The 9 Best Sony Pictures Animation Movies, Ranked


Sony Pictures Animation might not have the same following or decades of box office dominance that other animation houses like Disney or Illumination Entertainment have. However, after making feature-length movies for 15 years, the studio has developed its fair share of quality films thanks to an eclectic approach that’s less defined by brand identity than its competitors.

The amount of variety found in Sony’s collection of animated films has admittedly resulted in some misfires like The Emoji Movie, but has also opened the doors for the studio to try anything and everything, delivering instant classic features that are outside-of-the-box and wholly unexpected. Without a PIXAR-level reputation to live up to, Sony Pictures Animation has had the freedom to chase down unorthodox ideas, like handing an adaptation of a children’s book to two guys with a background in adult animation, as well as redefining what an animated superhero movie could look like.

With its newest film, The Mitchells vs. The Machines, hitting Netflix this week, now is the perfect time to look back at the best movies from Sony Pictures Animation that reflect the studio’s best artistic qualities so far.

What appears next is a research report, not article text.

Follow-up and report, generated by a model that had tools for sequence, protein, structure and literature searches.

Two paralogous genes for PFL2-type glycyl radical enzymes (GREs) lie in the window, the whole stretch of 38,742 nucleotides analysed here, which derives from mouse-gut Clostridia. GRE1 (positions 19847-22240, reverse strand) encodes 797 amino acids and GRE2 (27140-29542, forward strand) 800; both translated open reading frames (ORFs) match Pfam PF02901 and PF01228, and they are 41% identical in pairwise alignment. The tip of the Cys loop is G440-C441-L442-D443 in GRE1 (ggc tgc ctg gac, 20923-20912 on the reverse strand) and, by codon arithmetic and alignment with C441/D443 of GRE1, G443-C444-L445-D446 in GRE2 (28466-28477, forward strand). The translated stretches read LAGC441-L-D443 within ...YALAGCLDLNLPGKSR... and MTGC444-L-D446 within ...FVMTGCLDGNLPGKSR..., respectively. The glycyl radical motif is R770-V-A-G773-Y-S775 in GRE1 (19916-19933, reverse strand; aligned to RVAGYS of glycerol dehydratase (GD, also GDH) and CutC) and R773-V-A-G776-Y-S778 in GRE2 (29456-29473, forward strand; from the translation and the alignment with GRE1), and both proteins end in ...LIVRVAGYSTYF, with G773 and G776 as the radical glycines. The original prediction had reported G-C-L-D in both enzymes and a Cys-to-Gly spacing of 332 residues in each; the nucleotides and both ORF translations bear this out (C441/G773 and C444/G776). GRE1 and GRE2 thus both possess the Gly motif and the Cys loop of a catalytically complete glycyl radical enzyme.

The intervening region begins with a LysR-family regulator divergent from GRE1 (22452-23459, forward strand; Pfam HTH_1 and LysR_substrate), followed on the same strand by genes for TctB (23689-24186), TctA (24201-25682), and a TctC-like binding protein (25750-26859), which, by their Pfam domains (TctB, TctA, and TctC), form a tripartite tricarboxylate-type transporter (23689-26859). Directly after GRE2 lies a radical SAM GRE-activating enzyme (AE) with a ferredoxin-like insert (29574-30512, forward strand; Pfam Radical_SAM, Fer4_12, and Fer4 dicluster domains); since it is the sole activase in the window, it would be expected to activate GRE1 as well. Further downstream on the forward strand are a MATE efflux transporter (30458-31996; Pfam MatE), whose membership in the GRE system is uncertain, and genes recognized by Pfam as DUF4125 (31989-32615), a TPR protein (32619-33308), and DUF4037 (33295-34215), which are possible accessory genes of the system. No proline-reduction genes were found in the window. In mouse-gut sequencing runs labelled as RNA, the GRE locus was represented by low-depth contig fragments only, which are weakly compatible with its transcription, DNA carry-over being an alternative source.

9. The Angry Birds Movie 2


Image via Sony Pictures

We really didn’t need The Angry Birds Movie 2. However, the box office success of The Angry Birds Movie made a sequel an inevitability. Thankfully, this entry turned out significantly better than its predecessor. Less a movie than a string of standalone comedic short films, The Angry Birds Movie 2 is all over the place, but it has its share of amusing sequences, like a flashback to a 1990s romance between The Grand Eagle (Peter Dinklage) and the film’s villain, Zeta (Leslie Jones). The best moments come whenever director Thurop Van Orman can channel the kind of dark absurdist humor that defined his earlier TV show The Marvelous Misadventures of Flapjack. There’s nothing here as comically eerie as Flapjack’s Candy Wife, but Van Orman’s inspired flashes of strangeness give The Angry Birds Movie 2 more of a comedic pulse than you’d expect.